Conservation Significant Ecological Communities

Threatened Ecological Communities

Since European settlement, enormous strain has been place upon the unique bush, wetlands and other habitats within Australia. The rapidly expanding population further adds pressure to many ecological communities and some now face extinction.

Threats include: clearing of native vegetation, inappropriate fire regimes, pests, climate change, changes in hydrology, pollution, and urban development.

In Australia three categories exist for the listing of threatened ecological communities (TECs) under the EPBC Act:

  1. critically endangered,
  2. endangered, and
  3. vulnerable (DotE, 2014).

Within Western Australia, a number of communities have been informally listed as Threatened Ecological Communities on the TEC database (DPaW, 2014). A total of 32 TECs have been identified within the Northern Agriculture Region.

For more information on these categories see ‘How does an ecological community become listed as threatened?’ or for a list of TECs see ‘TECs endorsed by the WA minister for the Environment list’.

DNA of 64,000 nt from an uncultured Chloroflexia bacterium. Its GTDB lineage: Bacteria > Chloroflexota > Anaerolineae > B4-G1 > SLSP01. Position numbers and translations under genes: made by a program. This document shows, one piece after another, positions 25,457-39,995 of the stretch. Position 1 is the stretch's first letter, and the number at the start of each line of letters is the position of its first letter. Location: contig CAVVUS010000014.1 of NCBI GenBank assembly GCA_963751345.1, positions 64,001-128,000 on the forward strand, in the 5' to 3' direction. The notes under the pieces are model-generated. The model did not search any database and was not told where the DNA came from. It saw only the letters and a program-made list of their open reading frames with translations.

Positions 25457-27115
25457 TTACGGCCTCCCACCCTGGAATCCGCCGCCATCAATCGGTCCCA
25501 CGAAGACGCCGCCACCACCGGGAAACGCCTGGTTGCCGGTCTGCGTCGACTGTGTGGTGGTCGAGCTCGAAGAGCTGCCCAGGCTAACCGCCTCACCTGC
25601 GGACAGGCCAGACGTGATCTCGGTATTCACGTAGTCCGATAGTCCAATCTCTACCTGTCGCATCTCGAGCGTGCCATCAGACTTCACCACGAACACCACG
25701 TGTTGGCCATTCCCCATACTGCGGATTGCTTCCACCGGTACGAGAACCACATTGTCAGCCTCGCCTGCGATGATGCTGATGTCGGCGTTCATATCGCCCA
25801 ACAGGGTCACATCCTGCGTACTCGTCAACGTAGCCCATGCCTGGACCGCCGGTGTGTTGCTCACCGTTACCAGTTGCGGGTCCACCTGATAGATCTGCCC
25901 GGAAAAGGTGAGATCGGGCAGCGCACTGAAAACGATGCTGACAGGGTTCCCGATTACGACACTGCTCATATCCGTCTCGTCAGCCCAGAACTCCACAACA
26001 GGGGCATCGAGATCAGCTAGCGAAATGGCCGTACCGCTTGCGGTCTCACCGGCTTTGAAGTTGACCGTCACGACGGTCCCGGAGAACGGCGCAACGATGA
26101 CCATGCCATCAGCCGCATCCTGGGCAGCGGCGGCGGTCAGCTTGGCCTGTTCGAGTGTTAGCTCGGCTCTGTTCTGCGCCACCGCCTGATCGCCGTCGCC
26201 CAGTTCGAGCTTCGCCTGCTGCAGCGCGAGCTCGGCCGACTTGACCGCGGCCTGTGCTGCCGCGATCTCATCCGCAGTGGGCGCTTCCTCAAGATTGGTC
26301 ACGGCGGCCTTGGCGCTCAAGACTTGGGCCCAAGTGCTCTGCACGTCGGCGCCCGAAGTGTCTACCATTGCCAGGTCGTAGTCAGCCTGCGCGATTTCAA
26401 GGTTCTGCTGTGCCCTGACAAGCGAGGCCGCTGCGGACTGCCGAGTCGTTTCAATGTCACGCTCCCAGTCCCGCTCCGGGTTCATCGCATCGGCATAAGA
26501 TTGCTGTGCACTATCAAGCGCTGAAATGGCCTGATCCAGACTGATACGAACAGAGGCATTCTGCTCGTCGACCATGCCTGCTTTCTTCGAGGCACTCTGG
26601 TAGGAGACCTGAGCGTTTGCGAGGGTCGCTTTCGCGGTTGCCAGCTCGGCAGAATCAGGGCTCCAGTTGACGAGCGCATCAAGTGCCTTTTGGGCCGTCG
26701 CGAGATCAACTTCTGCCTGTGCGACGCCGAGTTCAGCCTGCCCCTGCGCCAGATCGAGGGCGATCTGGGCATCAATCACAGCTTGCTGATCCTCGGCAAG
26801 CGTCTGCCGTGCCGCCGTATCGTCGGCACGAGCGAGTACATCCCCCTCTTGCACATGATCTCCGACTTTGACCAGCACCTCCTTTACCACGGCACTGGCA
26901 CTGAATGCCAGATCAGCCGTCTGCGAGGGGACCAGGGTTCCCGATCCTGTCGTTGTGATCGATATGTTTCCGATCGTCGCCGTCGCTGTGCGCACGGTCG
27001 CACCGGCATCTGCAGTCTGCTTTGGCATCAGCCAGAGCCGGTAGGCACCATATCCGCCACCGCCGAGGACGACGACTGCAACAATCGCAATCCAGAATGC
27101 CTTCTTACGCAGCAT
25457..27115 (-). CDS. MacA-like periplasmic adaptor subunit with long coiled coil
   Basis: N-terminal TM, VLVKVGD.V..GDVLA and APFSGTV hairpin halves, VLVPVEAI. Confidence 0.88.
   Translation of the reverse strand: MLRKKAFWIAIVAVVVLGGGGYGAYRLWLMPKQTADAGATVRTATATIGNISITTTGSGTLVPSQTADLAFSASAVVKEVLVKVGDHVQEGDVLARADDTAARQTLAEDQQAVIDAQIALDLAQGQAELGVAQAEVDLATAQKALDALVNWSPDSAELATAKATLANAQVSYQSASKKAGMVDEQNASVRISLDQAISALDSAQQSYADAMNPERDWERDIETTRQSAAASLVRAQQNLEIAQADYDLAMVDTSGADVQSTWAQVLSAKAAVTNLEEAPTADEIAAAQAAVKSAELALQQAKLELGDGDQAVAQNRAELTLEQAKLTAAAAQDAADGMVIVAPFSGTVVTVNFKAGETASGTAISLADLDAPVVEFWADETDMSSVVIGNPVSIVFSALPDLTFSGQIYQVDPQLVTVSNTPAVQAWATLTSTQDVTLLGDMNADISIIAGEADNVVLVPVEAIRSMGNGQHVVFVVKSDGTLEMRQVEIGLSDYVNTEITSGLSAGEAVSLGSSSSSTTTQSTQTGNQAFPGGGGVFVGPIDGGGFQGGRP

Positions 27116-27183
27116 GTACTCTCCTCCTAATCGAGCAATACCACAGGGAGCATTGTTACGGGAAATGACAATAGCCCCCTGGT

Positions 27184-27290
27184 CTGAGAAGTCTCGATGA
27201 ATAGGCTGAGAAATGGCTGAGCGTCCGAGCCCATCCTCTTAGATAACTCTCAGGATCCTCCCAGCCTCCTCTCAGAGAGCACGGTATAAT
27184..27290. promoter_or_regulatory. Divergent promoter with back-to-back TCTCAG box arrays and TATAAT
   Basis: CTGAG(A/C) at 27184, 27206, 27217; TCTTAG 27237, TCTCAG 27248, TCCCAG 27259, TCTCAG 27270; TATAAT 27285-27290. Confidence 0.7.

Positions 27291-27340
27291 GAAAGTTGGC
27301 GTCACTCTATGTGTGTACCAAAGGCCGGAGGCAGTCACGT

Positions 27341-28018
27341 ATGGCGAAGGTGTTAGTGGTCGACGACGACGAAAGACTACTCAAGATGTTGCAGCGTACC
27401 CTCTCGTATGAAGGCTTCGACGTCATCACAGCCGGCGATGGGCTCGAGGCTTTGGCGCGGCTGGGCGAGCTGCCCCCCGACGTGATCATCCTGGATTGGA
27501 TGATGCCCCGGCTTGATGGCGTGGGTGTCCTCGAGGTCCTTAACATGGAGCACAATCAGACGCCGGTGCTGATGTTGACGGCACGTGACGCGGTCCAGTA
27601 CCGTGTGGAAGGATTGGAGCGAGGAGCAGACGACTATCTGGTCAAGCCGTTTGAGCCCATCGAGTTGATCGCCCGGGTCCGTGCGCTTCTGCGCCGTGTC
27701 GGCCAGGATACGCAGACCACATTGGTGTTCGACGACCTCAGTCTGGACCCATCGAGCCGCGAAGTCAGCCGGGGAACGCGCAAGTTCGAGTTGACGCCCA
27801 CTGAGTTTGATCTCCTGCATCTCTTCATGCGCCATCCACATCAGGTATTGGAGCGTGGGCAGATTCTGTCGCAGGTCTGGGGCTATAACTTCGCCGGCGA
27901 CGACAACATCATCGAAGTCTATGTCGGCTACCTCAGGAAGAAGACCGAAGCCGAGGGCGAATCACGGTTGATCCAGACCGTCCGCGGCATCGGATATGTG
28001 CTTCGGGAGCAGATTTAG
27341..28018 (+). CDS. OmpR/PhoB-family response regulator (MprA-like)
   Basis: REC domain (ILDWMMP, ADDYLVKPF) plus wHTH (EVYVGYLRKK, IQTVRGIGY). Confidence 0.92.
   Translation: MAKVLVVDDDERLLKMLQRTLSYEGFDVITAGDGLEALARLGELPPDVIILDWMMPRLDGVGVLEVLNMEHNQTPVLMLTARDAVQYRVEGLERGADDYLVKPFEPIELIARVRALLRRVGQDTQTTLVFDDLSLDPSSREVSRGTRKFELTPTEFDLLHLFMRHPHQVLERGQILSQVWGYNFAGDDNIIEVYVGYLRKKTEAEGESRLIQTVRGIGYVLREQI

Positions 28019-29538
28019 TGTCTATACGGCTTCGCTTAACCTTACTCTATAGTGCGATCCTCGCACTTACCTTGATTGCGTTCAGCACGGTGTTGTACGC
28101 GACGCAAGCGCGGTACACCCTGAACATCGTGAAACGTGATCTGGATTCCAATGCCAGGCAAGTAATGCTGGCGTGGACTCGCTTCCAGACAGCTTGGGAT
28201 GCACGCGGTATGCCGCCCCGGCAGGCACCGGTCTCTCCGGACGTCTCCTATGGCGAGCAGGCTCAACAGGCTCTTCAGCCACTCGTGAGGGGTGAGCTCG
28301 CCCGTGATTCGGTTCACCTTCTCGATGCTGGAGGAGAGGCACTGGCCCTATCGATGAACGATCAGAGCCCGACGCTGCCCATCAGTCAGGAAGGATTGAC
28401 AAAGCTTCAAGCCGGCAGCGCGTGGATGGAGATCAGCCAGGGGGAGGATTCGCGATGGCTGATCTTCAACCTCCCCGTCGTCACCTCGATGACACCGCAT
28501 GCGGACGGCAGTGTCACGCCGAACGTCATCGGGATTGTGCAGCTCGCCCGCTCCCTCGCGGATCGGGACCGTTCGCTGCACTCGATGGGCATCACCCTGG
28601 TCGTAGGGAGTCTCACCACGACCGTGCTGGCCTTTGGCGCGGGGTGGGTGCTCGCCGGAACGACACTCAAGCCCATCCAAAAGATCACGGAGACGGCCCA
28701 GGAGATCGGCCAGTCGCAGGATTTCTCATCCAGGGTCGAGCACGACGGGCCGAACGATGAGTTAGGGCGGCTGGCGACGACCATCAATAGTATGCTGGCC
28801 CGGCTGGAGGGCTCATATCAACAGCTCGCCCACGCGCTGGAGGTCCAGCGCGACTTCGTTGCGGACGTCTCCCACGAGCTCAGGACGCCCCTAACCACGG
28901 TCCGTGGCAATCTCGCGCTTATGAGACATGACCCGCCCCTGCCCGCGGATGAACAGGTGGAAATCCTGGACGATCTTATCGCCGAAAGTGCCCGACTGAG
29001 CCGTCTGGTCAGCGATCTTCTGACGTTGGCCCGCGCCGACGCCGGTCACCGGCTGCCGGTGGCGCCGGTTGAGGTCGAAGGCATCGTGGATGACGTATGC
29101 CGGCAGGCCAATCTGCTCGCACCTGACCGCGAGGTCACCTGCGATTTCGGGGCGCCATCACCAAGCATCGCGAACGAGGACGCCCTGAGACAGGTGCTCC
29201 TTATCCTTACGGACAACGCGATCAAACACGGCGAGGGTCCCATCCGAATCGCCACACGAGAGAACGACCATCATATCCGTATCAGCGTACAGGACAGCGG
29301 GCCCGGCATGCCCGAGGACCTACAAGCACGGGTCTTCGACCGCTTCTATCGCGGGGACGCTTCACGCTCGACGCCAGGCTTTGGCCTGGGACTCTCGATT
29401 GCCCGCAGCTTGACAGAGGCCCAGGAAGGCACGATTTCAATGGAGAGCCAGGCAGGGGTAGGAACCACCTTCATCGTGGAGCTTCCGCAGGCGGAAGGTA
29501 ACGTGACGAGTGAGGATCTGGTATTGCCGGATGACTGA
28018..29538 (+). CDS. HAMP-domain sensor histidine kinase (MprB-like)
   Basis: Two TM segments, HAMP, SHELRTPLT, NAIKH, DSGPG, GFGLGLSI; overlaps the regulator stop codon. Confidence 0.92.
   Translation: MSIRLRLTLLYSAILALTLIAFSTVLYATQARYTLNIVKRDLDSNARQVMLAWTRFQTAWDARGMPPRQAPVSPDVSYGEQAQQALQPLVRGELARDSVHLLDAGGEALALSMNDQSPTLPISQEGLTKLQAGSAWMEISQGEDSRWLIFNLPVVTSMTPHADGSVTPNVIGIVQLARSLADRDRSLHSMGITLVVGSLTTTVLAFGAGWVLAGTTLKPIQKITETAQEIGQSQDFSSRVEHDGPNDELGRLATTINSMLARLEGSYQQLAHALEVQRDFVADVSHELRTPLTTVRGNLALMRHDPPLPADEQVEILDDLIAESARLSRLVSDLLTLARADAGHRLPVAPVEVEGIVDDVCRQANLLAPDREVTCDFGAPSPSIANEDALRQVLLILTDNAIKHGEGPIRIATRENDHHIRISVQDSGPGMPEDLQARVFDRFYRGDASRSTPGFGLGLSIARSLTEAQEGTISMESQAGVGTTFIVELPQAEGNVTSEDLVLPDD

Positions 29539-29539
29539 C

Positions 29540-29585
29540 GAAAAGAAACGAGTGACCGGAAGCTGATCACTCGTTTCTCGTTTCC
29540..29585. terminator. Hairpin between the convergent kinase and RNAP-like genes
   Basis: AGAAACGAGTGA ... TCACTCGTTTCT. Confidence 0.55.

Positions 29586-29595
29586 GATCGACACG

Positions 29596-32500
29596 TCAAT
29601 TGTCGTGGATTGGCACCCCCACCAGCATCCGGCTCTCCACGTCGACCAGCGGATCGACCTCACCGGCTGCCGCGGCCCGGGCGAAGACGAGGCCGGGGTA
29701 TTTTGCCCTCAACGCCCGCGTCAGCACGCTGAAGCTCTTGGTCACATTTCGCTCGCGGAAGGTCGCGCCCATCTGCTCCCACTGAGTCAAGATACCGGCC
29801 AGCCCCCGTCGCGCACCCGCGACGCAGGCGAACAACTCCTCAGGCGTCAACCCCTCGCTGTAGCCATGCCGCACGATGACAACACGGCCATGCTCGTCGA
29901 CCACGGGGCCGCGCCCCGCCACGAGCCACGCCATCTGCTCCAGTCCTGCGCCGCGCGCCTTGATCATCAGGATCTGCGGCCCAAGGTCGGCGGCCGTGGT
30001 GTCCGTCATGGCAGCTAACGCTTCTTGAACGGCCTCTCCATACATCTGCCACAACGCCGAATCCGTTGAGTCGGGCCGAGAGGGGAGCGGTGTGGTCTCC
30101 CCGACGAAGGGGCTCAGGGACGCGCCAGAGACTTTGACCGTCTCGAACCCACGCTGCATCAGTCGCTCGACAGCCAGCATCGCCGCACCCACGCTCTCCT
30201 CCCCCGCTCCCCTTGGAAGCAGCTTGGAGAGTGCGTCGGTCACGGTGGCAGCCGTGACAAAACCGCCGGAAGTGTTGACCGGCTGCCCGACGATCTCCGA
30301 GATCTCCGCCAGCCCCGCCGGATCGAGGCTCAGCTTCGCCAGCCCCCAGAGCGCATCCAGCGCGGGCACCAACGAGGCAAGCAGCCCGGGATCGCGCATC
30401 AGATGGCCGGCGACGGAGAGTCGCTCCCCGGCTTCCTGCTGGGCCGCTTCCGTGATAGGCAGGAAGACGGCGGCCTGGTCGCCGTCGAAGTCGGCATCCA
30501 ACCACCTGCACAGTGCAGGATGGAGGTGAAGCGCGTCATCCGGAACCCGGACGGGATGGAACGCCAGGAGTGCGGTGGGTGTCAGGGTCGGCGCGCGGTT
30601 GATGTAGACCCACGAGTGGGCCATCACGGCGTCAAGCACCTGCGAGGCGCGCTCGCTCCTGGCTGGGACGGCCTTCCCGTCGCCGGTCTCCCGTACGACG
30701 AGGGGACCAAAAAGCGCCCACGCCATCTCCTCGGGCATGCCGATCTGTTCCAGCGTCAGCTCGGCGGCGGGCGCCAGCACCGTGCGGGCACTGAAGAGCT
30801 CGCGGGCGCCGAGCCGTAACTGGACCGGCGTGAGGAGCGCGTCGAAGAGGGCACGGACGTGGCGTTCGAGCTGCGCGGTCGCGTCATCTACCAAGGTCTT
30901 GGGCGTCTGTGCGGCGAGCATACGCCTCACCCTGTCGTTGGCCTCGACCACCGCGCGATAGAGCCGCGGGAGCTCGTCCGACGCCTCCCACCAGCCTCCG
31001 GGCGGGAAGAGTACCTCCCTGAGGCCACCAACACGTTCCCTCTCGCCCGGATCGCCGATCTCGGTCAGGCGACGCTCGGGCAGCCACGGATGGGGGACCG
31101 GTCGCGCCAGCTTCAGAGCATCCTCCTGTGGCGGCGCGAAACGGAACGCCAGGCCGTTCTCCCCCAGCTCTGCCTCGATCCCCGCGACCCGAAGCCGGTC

A total of 32 threatened ecological communities have been identified within the Northern Agriculture Region.

Priority Ecological Communities

Where a ecological community is considered to be under threat and there is limited information available, they are allocated with a priority level. This type of community is classified as a Priority Ecological Community (PECs) (DPAW, 2014). A total of 51 PECs have been identified within the Northern Agriculture Region. To see a list of PECs see ‘Priority Ecological Communities for Western Australia’.

Click features on the map and expand the legend for more information. View full page map
Data sourced from Landgate Locate, DPaW, DAFWA, WWF and DoW.